Alumni Hall circa 1920s.
Alumni Hall was the original home of the university library, however, it was also an all-purpose building that bustled with student activities. Besides the library, it contained a gymnasium, reading rooms, chemistry and biology labs, a billiard parlor, a golf practice range, a Ham radio station, and an auditorium. The bell tower was used as a projection booth for movies. The building later went on to house a print shop and the carpentry and maintenance departments in the basement, as well as The Laurel, the Glee Club and Band practice rooms, and additional classrooms. On the top floor, the chairs for the auditorium were eventually removed and the area became offices for university departments.
Construction began on Alumni Hall in 1887. The hall received its name in honor of the donation of $11, 560.00 by St. Bonaventure alumni for the building's construction. This building was the first to be built during the term of former College President Father Joseph Butler and it was part of his proposal to begin an Alumni Association for the College (St. Bonaventure had not yet achieved university status). Alumni Hall, which stood just west of De La Roche, was finished in time for the commencement exercises of June 21, 1888 ("Alumni..." 7). The red brick building was one-hundred feet long and sixty feet wide with white stone trim and a bell tower (Dudek 2). It was blessed on June 18, 1888 by Bishop Stephen V. Ryan, C.M. On June 21st, mass and confirmation services were held along with the commencement ceremony. On that same day, ninety alumni founded the Alumni Association on the steps of the Hall ("Alumni..." 7).
During its seventy-four year existence, Alumni Hall was the center of student life and the home of many "firsts". On February 3, 1916 the first silent film was shown on campus in Alumni Hall. The film was "A Raisin in the Sun" and the music accompaniment was provided by the Band. Another first for St. Bonaventure was the radio broadcast of 1936. It was the first national radio broadcast from any college or university, made from the stage of the Alumni Hall auditorium. The campus radio station at that time was WEAF, NY. At the beginning of the broadcast the Glee Club and Band struck up the school song, "Unfurl the Brown and White", as Fr. Claude Kean delivered the historic introduction (Klee 16). The first Catholic Action Medal was also awarded during that broadcast to Joseph Scott, Esq., of California (Hogan 3). Who could have thought that a small Franciscan institution would hold such an honored place in radio history?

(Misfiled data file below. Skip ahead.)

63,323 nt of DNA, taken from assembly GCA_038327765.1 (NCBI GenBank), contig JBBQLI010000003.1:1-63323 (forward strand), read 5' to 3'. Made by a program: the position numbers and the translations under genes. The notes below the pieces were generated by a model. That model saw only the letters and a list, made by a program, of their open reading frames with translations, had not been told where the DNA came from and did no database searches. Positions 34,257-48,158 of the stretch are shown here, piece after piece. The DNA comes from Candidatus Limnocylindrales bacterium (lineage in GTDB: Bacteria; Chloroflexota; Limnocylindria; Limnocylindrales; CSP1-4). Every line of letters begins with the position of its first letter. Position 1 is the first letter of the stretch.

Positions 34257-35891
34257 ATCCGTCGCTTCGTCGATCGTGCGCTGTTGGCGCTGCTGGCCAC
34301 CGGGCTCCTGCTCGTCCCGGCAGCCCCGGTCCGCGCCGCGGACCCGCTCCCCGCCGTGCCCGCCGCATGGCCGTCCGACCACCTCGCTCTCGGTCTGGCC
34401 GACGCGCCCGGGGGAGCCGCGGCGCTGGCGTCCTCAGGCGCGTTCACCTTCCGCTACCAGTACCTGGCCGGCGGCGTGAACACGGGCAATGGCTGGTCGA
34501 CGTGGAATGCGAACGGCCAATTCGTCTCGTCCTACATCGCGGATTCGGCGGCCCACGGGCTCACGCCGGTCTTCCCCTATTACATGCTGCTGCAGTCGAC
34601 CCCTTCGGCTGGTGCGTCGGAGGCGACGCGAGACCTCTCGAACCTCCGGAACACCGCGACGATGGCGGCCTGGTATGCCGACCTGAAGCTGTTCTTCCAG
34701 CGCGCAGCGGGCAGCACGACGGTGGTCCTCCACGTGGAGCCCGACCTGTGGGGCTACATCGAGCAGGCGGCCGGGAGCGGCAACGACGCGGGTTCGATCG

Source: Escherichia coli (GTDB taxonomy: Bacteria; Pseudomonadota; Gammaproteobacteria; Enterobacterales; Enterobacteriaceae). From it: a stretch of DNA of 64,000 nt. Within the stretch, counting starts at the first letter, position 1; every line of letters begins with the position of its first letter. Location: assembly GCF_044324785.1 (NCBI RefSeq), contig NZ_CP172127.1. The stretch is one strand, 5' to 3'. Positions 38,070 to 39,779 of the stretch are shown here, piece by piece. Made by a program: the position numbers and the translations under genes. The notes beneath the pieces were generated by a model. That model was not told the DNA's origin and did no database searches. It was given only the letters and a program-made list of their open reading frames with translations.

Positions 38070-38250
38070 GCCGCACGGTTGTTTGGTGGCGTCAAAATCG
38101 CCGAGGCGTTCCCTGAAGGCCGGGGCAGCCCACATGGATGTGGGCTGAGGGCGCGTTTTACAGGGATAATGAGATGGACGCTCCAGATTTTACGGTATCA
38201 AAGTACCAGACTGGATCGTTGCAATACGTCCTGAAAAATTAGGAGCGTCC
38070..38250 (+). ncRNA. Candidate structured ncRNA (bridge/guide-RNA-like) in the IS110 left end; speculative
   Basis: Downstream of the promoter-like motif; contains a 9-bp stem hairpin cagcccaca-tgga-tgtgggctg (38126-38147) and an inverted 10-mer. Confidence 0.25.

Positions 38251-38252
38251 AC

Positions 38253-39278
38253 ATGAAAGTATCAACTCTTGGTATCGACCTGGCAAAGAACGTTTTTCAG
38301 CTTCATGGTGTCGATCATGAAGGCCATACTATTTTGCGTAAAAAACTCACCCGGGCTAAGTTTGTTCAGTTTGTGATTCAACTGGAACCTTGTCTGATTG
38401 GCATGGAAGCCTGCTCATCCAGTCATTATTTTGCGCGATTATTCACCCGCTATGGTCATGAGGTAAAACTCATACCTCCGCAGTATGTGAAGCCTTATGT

A story that was long rumored to be true involves two baseball greats and St. Bonaventure alumni-- John McGraw and Hugh Jennings. According to the story, the gym in Alumni Hall had limited space in which to practice hitting for baseball. In order to compensate, McGraw and Jennings invented the "bunt". It is reported they went on to introduce this practice to the Baltimore Orioles, permanently changing the way baseball is played. It turns out that they actually modified the bunt, which had been used in baseball for many years, but they did create the "Baltimore Chop" in the basement gymnasium. The half swing, driving the ball to the ground, resulting in a high bounce was appropriate to practice indoors and very effective outside. (Gianiodis, 38)
The library reading room in Alumni Hall.
In 1938, Alumni Hall underwent a major change. A new library was being built to accommodate the college's growing collection and by February 1938 the Friedsam Memorial Library was near completion. In order to move the 40,000 volume library from Alumni Hall to its new location, the seminarians and the student body passed the books hand to hand, forming a human chain in a method called a "Bucket Brigade". The students alternated, working in two hour shifts. In this way, the books were moved from the former library in Alumni Hall to Friedsam. After the new library's opening, the former reading room with the fireplace in Alumni Hall became a student lounge.
As the campus grew in population and new buildings were constructed, the need for Alumni Hall decreased. In its later years, the Hall was used primarily for the carpentry and maintenance departments, storage, and student-run activities, such as The Laurel, until the building was completely deactivated by 1961 ("Alumni Hall of Memories..."). In 1960 and 1961, bulges and stresses were found in the foundation of the Hall ("Alumni" 7). The decision was made, due to the fact that it was not "structurally sound", that Alumni Hall should be razed.
The destruction of Alumni Hall, December 11, 1961.
The decision to destroy the beloved building brought out many fond remembrances and some expressions of sadness from older St. Bonaventure alumni. However, Alumni Hall was felt to have served its purpose and the university was expanding in new directions. Demolition, performed by Fitz Maurice Demolition Company, began on Monday, December 11, 1961 at 3 pm. It took two days to remove Alumni Hall. By Wednesday, December 13th, the last of St. Bonaventure's 19th century buildings was completely razed.
Alumni Hall, though largely unknown to the current student body, made its mark upon University history. The Hall was instrumental in establishing a vibrant student community. Within its walls students came together to study, laugh, work, play, and be entertained- legacies that endure to this day.
There are more photographs of Alumni Hall on the Thomas Merton site.
Last updated: 07/01/10 3/25/03--Bunt story updated.